11. Glaze the tortoise. Mix equal amounts of glue and water to make a glaze to strengthen the figure and give it that shiny tortoise look. Students check that their work spaces are still covered with recycled newspaper. Brush on the glaze. Air-dry.
    12. Label and exhibit the magnificent creation in a science fair, art show, or other major event. Offer details about the turtle’s habits, habitat, and prognosis for future survival.
  • Standards

    LA: Read and comprehend informational texts, including history/social studies, science, and technical texts, at the high end of the grade level text complexity band independently and proficiently.

    LA: Produce clear and coherent writing in which the development, organization, and style are appropriate to task, purpose, and audience.

    MATH: Represent and interpret data.

    SCI: Ask questions to clarify evidence of the factors that have caused the rise in global temperatures over the past century.

    SCI: Construct an argument supported by empirical evidence that changes to physical or biological components of an ecosystem affect populations.

    SS: Identify and use various sources for reconstructing the past, such as documents, letters, diaries, maps, textbooks, photos, and others.

    SS: Describe and speculate about physical system changes, such as seasons, climate and weather, and the water cycle.

    SS: Examine the interaction of human beings and their physical environment, the use of land, building of cities, and ecosystem changes in selected locales and regions.

    SS: Explore causes, consequences, and possible solutions to persistent, contemporary, and emerging global issues, such as pollution and endangered species.

    SS: Identify examples of laws and policies that govern scientific and technological applications, such as the Endangered Species Act and environmental protection policies.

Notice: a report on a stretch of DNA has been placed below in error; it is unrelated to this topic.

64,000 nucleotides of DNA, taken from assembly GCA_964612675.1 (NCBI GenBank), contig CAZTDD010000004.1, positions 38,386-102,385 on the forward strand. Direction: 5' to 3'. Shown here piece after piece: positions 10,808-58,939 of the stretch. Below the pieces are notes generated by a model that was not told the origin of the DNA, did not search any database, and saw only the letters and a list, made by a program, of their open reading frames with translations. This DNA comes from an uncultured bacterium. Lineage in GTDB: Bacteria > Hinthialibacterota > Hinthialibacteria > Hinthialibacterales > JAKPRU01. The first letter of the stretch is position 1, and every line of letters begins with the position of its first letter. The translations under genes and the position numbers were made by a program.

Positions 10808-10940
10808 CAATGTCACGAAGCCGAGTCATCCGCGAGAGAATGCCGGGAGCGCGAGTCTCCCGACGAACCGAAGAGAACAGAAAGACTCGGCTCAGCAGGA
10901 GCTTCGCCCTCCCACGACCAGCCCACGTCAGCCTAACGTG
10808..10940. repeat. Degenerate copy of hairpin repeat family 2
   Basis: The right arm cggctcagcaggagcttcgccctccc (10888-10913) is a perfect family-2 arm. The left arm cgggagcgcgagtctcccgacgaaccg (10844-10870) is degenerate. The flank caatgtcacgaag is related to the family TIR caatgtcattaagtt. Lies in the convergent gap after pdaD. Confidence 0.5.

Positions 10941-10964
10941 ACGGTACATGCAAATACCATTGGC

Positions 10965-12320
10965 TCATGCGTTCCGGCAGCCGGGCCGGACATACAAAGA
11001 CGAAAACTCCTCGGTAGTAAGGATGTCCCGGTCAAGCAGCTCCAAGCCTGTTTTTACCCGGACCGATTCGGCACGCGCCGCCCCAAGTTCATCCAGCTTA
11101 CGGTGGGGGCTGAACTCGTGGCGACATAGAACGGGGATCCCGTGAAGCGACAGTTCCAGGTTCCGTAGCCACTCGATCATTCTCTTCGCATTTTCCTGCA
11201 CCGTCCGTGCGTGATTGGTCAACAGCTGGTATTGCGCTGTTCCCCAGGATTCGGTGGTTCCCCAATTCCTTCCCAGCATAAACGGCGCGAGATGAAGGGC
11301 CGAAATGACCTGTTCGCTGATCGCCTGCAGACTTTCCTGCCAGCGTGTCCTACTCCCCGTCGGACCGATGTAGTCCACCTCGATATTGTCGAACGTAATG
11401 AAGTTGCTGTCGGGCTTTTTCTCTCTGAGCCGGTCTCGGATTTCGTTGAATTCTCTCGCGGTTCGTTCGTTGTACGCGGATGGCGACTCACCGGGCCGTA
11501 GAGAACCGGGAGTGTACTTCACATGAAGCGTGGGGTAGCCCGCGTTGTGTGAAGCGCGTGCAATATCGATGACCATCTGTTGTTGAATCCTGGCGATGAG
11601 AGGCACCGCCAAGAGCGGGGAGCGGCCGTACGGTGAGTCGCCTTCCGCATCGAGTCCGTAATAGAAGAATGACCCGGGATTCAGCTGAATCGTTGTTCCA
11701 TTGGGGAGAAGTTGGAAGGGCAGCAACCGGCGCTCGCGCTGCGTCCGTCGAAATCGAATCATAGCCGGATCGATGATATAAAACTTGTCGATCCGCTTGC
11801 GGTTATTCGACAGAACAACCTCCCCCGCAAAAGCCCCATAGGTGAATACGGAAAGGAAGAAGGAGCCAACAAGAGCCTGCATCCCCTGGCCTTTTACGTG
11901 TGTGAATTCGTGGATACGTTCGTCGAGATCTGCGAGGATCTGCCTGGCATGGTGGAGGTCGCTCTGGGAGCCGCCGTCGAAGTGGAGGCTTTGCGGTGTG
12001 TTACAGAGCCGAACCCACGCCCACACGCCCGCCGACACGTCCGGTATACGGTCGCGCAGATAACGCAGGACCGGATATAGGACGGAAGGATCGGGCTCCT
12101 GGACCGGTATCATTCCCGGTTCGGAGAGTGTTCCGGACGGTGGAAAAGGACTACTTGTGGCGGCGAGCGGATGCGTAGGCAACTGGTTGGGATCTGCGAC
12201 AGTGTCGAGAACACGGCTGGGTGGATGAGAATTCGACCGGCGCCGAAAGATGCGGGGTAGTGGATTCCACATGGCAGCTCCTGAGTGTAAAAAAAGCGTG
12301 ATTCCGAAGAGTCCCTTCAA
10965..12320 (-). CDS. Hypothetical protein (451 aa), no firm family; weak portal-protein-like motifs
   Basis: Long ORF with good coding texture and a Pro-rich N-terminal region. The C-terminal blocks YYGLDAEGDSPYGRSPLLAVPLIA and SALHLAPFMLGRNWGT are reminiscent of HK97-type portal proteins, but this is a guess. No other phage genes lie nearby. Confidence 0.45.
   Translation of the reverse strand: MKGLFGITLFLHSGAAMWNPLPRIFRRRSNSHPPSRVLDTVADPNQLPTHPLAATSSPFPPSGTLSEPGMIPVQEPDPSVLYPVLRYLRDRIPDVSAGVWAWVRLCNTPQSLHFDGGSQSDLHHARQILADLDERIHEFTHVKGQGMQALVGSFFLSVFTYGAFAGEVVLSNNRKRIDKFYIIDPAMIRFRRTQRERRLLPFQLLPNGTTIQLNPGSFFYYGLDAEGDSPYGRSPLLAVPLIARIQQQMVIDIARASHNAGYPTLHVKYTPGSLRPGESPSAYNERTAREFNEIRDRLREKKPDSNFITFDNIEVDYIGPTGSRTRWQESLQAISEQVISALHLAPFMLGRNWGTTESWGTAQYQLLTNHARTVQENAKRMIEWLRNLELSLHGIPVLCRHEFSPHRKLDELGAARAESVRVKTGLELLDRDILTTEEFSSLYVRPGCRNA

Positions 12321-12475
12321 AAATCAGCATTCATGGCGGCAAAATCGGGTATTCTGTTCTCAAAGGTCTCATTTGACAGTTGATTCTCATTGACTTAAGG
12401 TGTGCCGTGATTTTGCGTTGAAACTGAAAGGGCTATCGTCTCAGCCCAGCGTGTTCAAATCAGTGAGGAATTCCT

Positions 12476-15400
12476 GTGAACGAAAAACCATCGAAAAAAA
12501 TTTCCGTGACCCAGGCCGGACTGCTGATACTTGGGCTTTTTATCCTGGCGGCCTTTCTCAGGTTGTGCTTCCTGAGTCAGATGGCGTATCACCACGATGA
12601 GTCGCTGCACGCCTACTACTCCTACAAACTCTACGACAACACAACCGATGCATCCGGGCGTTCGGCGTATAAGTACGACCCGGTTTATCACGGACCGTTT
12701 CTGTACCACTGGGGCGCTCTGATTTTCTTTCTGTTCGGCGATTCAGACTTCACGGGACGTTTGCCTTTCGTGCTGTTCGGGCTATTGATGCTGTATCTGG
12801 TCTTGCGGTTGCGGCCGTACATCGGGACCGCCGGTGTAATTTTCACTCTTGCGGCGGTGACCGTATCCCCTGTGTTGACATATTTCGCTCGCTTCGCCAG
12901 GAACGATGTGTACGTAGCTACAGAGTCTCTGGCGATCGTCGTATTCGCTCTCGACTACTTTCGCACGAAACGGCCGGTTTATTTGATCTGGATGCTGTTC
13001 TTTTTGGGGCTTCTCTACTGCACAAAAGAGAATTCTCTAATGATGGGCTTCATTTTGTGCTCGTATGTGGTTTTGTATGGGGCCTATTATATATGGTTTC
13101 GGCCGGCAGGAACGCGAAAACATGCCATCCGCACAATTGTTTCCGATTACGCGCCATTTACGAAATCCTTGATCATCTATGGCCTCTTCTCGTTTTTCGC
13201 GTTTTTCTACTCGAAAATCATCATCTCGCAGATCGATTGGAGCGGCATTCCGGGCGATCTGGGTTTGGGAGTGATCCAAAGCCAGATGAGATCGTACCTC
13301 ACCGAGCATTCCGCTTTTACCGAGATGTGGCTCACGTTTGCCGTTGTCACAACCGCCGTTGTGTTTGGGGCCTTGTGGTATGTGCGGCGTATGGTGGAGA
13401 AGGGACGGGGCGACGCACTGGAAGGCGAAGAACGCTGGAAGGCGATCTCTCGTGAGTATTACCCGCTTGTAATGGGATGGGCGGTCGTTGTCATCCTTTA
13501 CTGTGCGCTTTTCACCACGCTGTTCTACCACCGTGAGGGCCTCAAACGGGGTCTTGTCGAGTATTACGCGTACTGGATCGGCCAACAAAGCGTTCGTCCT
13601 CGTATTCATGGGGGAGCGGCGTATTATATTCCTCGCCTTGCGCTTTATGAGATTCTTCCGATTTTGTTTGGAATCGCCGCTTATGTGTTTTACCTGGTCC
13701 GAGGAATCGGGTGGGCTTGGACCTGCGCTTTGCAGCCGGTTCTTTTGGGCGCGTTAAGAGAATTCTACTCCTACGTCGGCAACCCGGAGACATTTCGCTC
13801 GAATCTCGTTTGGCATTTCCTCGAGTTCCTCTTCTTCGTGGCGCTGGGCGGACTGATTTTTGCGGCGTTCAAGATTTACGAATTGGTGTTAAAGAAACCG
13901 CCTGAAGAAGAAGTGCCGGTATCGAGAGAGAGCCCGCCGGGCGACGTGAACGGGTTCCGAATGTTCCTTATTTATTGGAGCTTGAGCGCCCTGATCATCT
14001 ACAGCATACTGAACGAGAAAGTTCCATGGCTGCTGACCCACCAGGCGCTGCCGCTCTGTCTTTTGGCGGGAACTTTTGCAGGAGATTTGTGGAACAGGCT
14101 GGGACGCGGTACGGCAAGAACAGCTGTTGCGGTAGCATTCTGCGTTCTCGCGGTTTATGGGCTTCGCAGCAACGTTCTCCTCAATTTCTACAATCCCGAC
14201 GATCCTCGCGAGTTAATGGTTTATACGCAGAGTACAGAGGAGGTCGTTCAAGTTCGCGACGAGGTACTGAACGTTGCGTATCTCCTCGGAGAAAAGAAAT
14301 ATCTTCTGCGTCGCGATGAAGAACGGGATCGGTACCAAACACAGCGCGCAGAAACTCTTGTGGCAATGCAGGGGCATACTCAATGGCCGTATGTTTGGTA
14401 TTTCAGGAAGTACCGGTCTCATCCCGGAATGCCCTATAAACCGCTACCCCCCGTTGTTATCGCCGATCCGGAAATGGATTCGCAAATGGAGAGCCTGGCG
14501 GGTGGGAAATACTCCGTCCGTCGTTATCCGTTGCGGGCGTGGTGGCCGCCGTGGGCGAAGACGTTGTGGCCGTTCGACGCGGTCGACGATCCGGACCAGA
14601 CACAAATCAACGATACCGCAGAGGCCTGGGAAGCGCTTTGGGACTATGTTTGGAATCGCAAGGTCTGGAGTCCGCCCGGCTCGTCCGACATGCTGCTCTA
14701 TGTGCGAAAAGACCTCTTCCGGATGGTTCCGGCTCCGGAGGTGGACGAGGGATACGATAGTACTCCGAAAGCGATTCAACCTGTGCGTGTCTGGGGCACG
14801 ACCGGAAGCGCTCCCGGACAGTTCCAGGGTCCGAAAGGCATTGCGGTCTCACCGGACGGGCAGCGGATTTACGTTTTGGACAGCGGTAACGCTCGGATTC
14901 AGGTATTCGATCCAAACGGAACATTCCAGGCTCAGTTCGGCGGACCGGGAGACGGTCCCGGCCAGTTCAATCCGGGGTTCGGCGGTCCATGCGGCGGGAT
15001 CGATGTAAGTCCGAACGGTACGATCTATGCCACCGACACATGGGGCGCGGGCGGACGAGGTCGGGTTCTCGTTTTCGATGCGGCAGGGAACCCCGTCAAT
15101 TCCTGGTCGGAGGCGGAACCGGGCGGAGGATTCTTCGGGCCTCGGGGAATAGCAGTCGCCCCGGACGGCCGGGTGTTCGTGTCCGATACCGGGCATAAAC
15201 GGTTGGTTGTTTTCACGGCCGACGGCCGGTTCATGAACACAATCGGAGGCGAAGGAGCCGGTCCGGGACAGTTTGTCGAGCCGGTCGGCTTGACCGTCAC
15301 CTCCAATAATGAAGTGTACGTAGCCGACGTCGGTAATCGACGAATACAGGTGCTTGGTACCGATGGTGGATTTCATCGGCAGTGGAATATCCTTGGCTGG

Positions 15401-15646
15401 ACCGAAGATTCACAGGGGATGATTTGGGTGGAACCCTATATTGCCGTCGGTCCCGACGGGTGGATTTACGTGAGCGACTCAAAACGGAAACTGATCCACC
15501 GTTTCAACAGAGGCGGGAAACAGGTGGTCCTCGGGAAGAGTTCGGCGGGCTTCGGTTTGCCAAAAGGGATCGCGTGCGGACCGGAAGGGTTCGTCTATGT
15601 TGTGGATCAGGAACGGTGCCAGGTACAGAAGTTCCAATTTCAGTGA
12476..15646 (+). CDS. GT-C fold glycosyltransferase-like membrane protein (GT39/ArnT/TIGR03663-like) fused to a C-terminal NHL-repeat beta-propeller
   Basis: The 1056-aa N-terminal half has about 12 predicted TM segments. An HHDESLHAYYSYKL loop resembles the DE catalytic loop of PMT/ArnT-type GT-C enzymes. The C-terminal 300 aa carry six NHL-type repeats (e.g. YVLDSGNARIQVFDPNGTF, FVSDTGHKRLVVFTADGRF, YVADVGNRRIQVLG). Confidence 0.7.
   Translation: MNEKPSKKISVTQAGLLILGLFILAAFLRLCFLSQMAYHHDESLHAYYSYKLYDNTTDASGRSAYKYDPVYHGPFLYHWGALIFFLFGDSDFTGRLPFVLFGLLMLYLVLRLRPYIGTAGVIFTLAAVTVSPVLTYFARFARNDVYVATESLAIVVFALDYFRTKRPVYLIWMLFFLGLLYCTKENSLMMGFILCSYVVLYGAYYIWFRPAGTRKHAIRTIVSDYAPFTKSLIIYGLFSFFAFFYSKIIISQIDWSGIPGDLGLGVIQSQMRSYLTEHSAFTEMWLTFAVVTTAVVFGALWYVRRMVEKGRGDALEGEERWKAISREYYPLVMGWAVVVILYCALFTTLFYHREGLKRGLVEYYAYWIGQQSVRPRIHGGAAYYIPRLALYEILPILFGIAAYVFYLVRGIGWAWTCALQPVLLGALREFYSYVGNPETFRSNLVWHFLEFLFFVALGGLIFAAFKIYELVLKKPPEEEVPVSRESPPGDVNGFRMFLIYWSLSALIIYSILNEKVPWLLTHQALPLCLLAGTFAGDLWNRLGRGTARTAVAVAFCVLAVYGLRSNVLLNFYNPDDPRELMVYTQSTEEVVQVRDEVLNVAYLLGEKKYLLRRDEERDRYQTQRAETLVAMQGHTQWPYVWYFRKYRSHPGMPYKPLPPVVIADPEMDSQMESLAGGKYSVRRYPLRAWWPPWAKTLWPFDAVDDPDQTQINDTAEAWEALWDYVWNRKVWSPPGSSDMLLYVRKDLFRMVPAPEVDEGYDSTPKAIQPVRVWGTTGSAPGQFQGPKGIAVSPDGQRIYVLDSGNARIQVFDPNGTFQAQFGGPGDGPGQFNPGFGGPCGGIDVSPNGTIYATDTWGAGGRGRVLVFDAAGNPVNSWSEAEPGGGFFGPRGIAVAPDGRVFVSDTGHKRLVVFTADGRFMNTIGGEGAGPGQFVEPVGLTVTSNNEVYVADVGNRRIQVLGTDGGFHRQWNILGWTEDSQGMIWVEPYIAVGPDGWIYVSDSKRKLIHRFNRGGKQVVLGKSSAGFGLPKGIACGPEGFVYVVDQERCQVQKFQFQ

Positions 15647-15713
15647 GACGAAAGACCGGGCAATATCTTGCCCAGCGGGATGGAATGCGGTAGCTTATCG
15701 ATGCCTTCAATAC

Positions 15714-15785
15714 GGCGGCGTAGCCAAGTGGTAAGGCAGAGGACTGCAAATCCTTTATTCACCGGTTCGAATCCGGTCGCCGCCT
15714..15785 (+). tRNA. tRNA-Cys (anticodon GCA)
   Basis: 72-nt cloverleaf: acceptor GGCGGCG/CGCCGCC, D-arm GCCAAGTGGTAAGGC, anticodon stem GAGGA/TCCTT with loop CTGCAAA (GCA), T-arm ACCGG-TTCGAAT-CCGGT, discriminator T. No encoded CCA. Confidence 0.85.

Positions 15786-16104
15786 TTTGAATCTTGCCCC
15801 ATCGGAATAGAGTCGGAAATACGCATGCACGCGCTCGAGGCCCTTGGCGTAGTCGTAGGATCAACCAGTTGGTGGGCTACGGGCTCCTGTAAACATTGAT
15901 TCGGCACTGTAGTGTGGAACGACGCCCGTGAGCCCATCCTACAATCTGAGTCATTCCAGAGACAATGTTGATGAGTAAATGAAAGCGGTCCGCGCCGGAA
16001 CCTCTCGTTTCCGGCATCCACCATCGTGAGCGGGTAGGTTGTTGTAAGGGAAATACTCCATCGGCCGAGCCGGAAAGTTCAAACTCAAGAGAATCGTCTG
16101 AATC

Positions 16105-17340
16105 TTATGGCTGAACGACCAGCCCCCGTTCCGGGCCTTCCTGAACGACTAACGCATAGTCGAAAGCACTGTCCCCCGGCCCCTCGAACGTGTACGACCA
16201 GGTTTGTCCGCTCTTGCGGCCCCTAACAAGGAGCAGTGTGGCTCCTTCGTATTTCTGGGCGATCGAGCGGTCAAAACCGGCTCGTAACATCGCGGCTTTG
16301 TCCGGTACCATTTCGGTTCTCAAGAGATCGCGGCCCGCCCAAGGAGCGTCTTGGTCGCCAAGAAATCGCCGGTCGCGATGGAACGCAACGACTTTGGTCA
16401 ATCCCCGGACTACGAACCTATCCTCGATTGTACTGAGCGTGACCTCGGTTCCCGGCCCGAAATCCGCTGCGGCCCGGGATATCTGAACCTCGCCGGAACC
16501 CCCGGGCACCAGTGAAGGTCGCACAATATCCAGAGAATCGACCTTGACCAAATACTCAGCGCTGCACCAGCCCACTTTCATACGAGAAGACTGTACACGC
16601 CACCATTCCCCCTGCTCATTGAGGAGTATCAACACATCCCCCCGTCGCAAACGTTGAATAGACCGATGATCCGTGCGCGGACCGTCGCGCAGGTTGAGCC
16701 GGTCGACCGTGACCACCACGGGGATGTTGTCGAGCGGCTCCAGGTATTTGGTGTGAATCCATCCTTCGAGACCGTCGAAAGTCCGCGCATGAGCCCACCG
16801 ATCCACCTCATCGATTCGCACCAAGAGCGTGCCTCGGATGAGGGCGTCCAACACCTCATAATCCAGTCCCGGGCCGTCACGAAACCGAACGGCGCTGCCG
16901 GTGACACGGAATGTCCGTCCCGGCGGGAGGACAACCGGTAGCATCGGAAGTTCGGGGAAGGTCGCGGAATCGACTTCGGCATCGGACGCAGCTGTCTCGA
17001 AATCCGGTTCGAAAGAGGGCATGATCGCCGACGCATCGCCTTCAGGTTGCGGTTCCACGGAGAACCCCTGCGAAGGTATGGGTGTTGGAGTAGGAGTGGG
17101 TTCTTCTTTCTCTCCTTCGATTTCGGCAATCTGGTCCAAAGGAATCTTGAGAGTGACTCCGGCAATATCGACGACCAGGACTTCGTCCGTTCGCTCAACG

VA: Intentionally take advantage of the qualities and characteristics of art media, techniques, and processes to enhance communication of experiences and ideas.

  • Adaptations

    Possible classroom resources include: Turtles & Tortoises (Beginning Vivarium Systems) by Russ Case; Popular Tortoises (Advanced Vivarium Systems) by Phillippe De Vosjoli; Tortoises: A Beginner's Guide to Tortoise Care by Andrew Highfield & Nadine Highfield; Desert Tortoises: The Library of Turtles and Tortoises by Christopher Blomquist; Lonesome George, the Giant Tortoise by Francine Jacobs; Lonesome George: The Life and Loves of the World's Most Famous Tortoise by Henry Nicholls.

    Encourage student groups to explore how a turtle's shell affects its life, dictating the way it breathes and moves. Students investigate why some turtles have a flatter shell and how this affects their lives.

    Students investigate how the evolution of turtle shells over the past 200 million years. Prehistoric turtles were 10 fee long (3 meters) and weighed 4,000 pounds (1814 kilograms). What caused their down-sizing?

    Invite groups of students to research the three types of turtles: tortoises, terrapins, and sea turtles. There are eight species of sea turtle, more than 100 types of tortoises, and 180 terrapins. What are their similarities? Differences?

    Hindus believe that the universe is balanced on a turtle shell. Students investigate this belief. What is it based on?

    Nearly 40 species of turtle are endangered. Students investigate reasons for this classification, which include egg harvesting, adult capture, and habitat destruction. Investigate what changes are being made to help resolve preserving turtle habitats.